Of Consistories. In the consistory the most voices are to be yielded unto. In it only ecclesiastical things are to be handled. Of them, first they are to be dealt with such as belong to the common
direction of the public assembly, in the order of liturgy, or divine service, sermon, prayers, sacraments, marriages, and burials. Then with such also as pertain to the oversight of every one, and their particular deeds. Farther, they are to cause such things as shall be thought meet, to be registered and written in a book. They are also to cause to be written in another book, the names of them that are baptized, with the names of their parents and sureties: likewise of the communicants. Farther also are to be noted, their names that are married, that die, and to whom letters testimonial are given.
Of the Censures.
None is to be complained of unto the consistory, unless first the matter being uttered with silencing the parties' names, if it seem meet so to be done by the judgment of the consistory.
In private and less faults, the precept of Christ, Matt. xviii. is to be kept.
Greater and public offences are to be handled by the consistory. Farther, public offences are to be esteemed, first, Such as are done openly before all, or whomsoever, the whole church knowing of it. Secondly, Such as be done in a public place, albeit few know it. Thirdly, That are made such by pertinacy and contempt. Fourthly, That for the heinousness of the offence are to be punished with some grievous civil punishment.
They that are to be excommunicated, being in public charge in the church, are to be deposed also from their charges. They also are to be discharged that are unfit for the ministry, by reason of their ignorance, or of some incurable disease; or by any other such cause, are disabled to perform their ministry: but in the rooms of such as are disabled by means of sickness or age, let another be placed without the reproach of him that is discharged; and farther, so as the reverence of the ministry may remain unto him, and he may be provided for, liberally and in good order.
When there is question concerning a heretic complained of to the consistory, straight let two or three neighbour ministers be called, men godly and learned, and free from that suspicion, by whose opinion he may be suspended, till such time as the conference may take knowledge of his cause.
The obstinate, after admonition by the consistory, though the fault have not been so great, are to be suspended from the communion; and if they continue in their obstinacy, this shall be the order to proceed to their excommunication. Three several sabbath-days after the sermon, publicly let be declared the offence committed by the offender. The first sabbath let not the offender's name be published: the second let it be declared, and withal a certain day of the week named, to be kept for that cause in fasting and prayer: the third let warning be given of his excommunicating to follow the next sabbath after, except there may be shewed some sufficient cause to the contrary: so upon the fourth sabbath-day, let the sentence of excommunication be pronounced against him, that his spirit may be saved in the day of the Lord.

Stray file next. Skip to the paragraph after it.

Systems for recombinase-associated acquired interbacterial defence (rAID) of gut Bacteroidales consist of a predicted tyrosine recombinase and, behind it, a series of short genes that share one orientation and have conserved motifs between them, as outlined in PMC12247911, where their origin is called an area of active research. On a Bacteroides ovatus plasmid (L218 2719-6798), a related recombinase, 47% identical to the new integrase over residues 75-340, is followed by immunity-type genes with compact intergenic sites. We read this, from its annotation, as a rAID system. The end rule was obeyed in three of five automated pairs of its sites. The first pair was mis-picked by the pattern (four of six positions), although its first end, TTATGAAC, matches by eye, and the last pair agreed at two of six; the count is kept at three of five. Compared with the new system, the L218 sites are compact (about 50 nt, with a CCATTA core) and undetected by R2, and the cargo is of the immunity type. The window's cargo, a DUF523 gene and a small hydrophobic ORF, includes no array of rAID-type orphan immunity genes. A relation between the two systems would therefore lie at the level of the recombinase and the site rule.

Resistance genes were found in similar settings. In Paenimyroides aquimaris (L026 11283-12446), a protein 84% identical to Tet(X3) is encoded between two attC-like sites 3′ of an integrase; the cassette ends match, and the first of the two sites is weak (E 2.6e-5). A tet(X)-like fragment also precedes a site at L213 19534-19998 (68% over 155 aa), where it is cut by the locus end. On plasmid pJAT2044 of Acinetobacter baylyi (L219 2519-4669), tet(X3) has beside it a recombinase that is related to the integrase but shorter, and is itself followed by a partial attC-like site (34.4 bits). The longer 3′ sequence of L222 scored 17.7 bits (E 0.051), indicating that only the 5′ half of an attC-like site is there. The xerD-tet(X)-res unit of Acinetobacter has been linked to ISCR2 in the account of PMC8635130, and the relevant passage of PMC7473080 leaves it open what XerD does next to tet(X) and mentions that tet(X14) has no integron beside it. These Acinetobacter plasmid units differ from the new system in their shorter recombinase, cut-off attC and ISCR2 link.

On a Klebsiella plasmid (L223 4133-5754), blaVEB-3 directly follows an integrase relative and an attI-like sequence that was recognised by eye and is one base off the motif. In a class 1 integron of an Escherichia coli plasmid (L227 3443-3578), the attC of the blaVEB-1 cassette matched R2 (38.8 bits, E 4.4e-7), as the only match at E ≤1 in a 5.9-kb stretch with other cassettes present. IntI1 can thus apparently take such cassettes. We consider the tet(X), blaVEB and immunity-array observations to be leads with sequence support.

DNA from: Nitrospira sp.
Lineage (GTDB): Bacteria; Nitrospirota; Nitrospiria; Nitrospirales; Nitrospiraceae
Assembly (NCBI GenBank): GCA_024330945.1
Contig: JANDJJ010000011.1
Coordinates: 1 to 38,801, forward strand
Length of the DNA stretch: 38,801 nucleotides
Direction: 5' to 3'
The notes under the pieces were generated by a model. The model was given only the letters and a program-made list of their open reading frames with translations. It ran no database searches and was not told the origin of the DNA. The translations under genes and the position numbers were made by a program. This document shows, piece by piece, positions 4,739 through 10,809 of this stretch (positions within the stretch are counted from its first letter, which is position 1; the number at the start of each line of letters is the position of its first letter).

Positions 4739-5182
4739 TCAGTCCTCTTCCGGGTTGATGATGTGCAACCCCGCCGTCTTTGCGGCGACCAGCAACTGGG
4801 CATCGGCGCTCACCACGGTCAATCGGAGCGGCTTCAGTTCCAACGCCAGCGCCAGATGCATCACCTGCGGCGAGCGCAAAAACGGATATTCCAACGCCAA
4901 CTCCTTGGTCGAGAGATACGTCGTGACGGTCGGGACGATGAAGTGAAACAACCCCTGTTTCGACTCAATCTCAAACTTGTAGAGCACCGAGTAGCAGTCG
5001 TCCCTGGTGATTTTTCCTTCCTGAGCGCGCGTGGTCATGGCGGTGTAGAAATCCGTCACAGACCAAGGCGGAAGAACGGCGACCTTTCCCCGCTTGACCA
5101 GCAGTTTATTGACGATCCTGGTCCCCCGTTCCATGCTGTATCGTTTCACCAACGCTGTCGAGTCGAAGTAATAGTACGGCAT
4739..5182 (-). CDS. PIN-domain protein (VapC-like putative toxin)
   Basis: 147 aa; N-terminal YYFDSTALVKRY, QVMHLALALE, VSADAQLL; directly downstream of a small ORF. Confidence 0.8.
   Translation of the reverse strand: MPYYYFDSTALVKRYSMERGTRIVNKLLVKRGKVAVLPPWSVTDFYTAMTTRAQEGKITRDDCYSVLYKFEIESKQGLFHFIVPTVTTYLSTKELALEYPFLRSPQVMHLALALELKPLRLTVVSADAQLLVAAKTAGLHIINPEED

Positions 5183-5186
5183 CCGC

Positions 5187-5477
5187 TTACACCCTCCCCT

He that hath committed great offences, opprobrious to the church, and to be grievously punished by the magistrate's authority; albeit he profess his repentance in words, yet for the trial thereof, and to take away the offence, let him for a time be kept from the communion; which how often and how long it is to be done, let the consistory, according to their discretion, determine; after which, if the party repent, he is brotherly to be received again, but not until he have openly professed his repentance before the church, by consent whereof he should have been excommunicated.
If the ministers of any public charge of the church commit any such thing, they are to be deposed from their charge.
Of the Assemblies of the Church.
Particular churches are to communicate one with another, by common meetings and resorts: in them only ecclesiastical matters are to be handled, and of those, only such as pertain to the churches of that resort; concerning other churches, unless they be desired, they are to determine nothing farther than to refer such matters to their next common and great meeting.
Let the order of proceeding in them be this: first, let the survey be taken of those that are present, and the names of those that are absent, and should be there, be noted, that they may give a reason at their next meeting of their absence, or be censured by the judgment of the assembly. Next, let the acts of the last assembly of that kind be read,